To help offset the county’s looming budget woes, its Social Services department is preparing to lay off 128 employees, most of whom run food stamp and welfare programs. All county department heads have proposed budget cuts, necessitated by increased pension costs, more money for fire services, and funds set aside for the Northern Branch Jail project. Social Services — which serves a quarter of the county’s adults and 62 percent of children — will feel the most pain.
As the economy improved, the number of CalFresh — or food stamp — enrollees statewide has declined. So Governor Jerry Brown has proposed to cut state funding by 6 percent, which in the past has been allotted equally to all counties. But Santa Barbara County has seen a 5,400-person jump in food stamp recipients since 2013. About 38,000 people are currently enrolled .
When asked, Social Services Director Dan Nielson explained his CalFresh staffers — 43 are on the chopping block — have actively done more outreach in recent years. A poverty study in 2013 demonstrated Santa Barbara County was significantly behind others in terms of welfare-assistance participation. Santa Barbara now ranks 53rd out of 58 counties, and Social Services deputy director Maria Gardener said she expects the ranking to go up further.
The department will have a better idea of state allotments after Gov. Brown releases his revised budget in May. Until then, Nielson is bracing for the worst. Of the 220 total position reductions — about 100 are currently unfilled — he asked for 44 back. If he gets it, that would translate to roughly a $4 million savings to the county’s general fund. The county supervisors will deliberate further on Friday after all department heads have presented their budget plans.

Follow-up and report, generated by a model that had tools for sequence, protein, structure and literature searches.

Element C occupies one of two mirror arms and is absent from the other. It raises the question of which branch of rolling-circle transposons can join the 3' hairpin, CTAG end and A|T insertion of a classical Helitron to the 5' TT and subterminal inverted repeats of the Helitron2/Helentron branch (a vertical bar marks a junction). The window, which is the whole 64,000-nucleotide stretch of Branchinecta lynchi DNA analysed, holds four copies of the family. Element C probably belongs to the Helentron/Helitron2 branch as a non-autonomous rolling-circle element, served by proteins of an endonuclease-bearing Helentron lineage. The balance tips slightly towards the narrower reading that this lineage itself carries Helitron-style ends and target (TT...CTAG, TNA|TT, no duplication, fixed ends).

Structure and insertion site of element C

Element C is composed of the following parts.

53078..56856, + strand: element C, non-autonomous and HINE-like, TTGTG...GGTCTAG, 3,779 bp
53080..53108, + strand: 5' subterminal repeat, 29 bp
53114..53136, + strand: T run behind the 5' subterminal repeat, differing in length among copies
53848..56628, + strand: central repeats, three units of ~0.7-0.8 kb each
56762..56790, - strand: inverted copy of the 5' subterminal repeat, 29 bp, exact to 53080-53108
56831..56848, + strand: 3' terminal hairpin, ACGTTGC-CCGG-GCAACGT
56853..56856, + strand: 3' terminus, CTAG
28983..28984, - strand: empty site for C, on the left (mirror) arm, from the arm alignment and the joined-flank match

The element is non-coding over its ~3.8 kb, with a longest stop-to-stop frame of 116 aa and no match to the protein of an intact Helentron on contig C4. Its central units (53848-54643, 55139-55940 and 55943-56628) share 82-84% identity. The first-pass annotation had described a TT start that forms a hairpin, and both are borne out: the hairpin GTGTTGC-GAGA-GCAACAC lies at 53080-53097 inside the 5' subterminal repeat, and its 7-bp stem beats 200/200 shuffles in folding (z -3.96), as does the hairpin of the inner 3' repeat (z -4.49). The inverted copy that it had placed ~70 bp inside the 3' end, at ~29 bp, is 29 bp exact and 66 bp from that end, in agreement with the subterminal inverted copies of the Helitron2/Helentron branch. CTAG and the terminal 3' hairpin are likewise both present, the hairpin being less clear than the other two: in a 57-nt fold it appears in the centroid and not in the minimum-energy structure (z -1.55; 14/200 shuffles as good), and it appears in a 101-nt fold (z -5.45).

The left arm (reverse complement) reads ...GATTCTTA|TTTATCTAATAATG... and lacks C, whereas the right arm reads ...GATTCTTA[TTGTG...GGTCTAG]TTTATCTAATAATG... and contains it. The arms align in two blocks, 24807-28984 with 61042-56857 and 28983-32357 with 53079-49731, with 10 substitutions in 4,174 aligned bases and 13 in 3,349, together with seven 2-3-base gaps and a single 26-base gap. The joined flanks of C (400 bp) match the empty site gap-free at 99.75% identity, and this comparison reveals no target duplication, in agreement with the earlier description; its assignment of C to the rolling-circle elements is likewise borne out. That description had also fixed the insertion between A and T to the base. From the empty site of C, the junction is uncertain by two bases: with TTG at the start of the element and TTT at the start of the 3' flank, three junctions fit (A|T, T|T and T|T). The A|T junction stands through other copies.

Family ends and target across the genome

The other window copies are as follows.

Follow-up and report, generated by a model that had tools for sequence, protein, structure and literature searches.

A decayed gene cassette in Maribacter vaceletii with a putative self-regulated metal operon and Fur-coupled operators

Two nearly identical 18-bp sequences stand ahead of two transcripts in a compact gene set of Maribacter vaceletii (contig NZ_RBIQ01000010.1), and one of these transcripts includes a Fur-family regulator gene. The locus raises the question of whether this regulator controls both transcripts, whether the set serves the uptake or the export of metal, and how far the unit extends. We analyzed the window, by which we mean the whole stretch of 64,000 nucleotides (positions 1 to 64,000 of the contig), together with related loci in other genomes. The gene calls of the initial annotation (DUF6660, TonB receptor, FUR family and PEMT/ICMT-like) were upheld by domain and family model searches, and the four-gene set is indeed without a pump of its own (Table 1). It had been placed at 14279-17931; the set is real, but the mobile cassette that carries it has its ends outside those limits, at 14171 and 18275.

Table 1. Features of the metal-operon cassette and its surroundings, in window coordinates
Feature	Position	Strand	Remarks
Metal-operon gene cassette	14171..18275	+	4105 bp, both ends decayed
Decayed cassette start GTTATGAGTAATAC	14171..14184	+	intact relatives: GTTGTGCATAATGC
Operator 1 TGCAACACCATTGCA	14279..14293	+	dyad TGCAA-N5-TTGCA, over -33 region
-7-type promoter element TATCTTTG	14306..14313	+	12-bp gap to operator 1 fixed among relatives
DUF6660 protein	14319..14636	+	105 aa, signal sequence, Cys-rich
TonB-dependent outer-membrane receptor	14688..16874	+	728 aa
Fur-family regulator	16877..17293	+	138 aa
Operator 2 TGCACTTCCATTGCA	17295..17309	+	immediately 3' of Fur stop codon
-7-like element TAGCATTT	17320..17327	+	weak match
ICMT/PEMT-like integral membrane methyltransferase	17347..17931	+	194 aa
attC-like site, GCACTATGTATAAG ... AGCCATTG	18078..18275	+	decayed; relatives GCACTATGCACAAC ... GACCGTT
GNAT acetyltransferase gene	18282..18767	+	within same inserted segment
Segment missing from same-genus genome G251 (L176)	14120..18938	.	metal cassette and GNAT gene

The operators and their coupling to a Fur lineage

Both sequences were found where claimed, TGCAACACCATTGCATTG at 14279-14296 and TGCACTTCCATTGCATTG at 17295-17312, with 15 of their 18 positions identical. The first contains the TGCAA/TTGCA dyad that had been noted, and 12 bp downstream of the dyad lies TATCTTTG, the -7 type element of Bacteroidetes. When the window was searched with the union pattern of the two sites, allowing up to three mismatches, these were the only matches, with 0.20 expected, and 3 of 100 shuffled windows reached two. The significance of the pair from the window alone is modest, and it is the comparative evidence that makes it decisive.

“The biggest question is why is this the only county with the largest reductions in staff and service levels to constituents,” asked Danny Carrillo, a representative of SEIU 721, which represents 550 of the county’s 4,000 employees.
But even if those layoffs get approved, said county CEO Mona Miyasato, it “doesn’t mean people will not get food stamps. It means our processing will take longer.” But Janet Wolf, 2nd District supervisor, emphasized “the longer the delay, the worse their conditions are.”